According to a new poll, nearly half of Israeli Jews think they should have more rights than non-Jews, with the figures particularly disturbing among young people. This is the result of a system that must be changed.
Nearly 50 percent of Israeli Jews believe they should have more rights than non-Jews, more than 64 percent believe that Jews are the Chosen People, and a similar number think that only Jews should be able to vote in a referendum on a peace agreement. These are just a few of the worrying findings of the Israel Democracy Institute’s Democracy Index, which was published last week. While the overall picture is disturbing, the situation is particularly acute among young people.
According to the poll, Israeli youth believe more than any other sector of the population that Jews should have more rights than other citizens. For example, 57.7 percent of 18-24 year olds support encouraging the emigration of Arabs, as opposed to 43.8 percent among the rest of the population and only 28 percent among people older than 65.
Sadly, these statistics are not only the most upsetting but also the most predictable. Over the last few years there has been a mini-revolution in the education system, at the heart of which has been the increase in nationalist programs in schools at the expense of democracy and citizenship education.
The civics studies coordinator, Adar Cohen, was fired following a right-wing campaign accusing him of being ‘Post-Zionist’. At the same time, the last Education Minister's policy deliberately promoted a one-sided narrative of Israeli history which ignored the complexity of the Palestinian-Israeli conflict. Finally, the Education Ministry even supported the city of Eilat’s decision to segregate refugee children from Israeli children in schools, which was rejected with contempt by the courts.
Instead of leading the struggle against the increased racism in Israel, the previous Education Ministry chose to reduce the hours of citizenship education. Rather than leading the camp against the ‘price tag’ phenomenon, it chose to nurture a nationalist approach substantially different from that of the Declaration of Independence.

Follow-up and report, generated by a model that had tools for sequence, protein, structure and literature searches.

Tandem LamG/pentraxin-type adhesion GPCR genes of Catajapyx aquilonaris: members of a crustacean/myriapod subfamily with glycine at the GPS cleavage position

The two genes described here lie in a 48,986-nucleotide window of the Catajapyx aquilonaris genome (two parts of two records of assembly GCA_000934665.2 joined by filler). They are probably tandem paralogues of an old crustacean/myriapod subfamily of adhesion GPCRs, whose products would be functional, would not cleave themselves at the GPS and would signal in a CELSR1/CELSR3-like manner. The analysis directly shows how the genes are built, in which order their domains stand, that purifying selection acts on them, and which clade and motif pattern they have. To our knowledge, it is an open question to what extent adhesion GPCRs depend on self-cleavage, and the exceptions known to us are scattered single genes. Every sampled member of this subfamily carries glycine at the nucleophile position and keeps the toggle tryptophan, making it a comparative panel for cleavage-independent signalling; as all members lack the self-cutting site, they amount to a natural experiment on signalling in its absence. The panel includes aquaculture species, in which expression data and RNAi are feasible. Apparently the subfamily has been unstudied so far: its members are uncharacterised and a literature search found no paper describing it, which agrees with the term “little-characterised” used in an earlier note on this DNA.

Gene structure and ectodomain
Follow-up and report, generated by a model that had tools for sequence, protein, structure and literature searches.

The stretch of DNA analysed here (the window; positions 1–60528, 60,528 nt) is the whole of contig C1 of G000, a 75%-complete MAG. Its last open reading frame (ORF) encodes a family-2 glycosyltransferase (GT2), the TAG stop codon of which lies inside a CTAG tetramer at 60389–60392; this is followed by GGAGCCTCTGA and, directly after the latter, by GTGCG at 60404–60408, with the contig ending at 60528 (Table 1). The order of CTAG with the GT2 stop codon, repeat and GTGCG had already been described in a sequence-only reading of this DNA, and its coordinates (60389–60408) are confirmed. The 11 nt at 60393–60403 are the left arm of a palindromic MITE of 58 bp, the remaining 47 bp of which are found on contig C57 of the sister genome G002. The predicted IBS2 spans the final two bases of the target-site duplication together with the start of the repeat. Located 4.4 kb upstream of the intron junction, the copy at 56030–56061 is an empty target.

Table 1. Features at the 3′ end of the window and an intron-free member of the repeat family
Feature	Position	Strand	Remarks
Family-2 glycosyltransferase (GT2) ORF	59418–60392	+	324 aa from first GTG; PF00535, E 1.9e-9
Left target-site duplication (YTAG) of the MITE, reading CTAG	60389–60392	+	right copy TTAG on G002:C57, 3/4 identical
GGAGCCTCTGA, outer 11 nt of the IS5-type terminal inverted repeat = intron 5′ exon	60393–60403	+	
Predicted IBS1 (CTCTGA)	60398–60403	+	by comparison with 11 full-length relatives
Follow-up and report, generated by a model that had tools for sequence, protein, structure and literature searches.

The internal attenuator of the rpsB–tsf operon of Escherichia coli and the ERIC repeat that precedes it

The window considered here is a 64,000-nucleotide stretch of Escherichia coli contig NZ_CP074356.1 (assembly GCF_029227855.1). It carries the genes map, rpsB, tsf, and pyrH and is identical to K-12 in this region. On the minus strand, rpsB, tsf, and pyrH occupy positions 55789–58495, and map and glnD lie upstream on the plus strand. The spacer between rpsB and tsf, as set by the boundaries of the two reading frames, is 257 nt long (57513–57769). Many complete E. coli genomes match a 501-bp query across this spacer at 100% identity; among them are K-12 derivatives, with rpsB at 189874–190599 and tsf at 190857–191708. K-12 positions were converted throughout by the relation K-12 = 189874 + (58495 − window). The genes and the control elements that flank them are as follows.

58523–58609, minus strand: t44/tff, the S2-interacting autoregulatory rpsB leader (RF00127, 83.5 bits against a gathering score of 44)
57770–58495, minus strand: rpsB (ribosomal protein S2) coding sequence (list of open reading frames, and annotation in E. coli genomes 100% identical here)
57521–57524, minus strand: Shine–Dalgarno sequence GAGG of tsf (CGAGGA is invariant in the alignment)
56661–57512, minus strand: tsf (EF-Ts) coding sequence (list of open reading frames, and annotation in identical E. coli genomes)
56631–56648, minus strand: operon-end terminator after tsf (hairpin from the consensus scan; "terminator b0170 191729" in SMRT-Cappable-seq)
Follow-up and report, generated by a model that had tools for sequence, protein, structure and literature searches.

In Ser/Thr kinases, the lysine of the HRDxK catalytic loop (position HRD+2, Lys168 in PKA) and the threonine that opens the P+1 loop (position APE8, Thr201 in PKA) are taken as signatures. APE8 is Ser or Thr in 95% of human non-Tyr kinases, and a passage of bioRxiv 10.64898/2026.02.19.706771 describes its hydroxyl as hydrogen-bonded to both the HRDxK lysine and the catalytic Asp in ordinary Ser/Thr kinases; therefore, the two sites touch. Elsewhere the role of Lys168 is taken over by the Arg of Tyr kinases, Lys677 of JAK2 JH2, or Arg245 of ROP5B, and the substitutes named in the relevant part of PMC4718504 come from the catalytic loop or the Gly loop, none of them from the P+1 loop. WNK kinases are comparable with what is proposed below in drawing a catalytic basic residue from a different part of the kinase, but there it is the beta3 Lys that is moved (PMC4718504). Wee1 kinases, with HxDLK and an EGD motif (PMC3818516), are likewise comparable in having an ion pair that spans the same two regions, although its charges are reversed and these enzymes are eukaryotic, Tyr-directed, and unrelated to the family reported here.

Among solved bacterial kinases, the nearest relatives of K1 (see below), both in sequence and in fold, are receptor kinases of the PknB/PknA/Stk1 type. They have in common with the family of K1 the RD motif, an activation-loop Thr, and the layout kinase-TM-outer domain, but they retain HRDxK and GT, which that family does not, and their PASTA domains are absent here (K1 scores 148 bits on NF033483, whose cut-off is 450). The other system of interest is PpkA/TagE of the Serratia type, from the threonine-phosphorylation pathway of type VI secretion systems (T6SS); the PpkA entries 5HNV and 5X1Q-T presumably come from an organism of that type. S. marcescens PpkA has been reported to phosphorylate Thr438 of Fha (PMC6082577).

The rotten fruits of this policy are well known outside the school walls, and are now reflected by the opinions of the young people in the IDI’s survey. This is the time to wake up. The Education Ministry, particularly the new Education Minister Rabbi Shai Piron and the new Executive Director Michael Cohen, need to organize a shake-up that will place the Ministry back at the forefront of democracy education.
Citizenship education needs to be prioritized once more, and young people need to be taught the value of equality, particularly regarding Arab citizens of Israel. A decent amount of time needs to be allotted for citizenship studies.
The IDI findings also found that most Israeli Jews (51.6 percent) believe that human rights groups damage the State of Israel. This issue is beyond political and partisan debate – the whole system needs to be harnessed in order to prevent yet another delegitimization of human rights defenders. The survey must serve as a warning sign. If the education system doesn’t sort itself out in time, we are liable to wake up to a reality where today’s young people and tomorrow’s adult citizens will be completely estranged from democratic values.
We need to ensure that there is open dialogue about issues that are at the heart of a democratic society, such as enforcement measures against Price Tag perpetrators; responding to the exclusion of women; and eradicating discrimination against Mizrahim and immigrants from countries like Ethiopia.
Rehabilitating citizenship education and rebuilding pluralistic and humanistic education in schools is the first step on the road to change.
Rachel Liel, Executive Director, NIF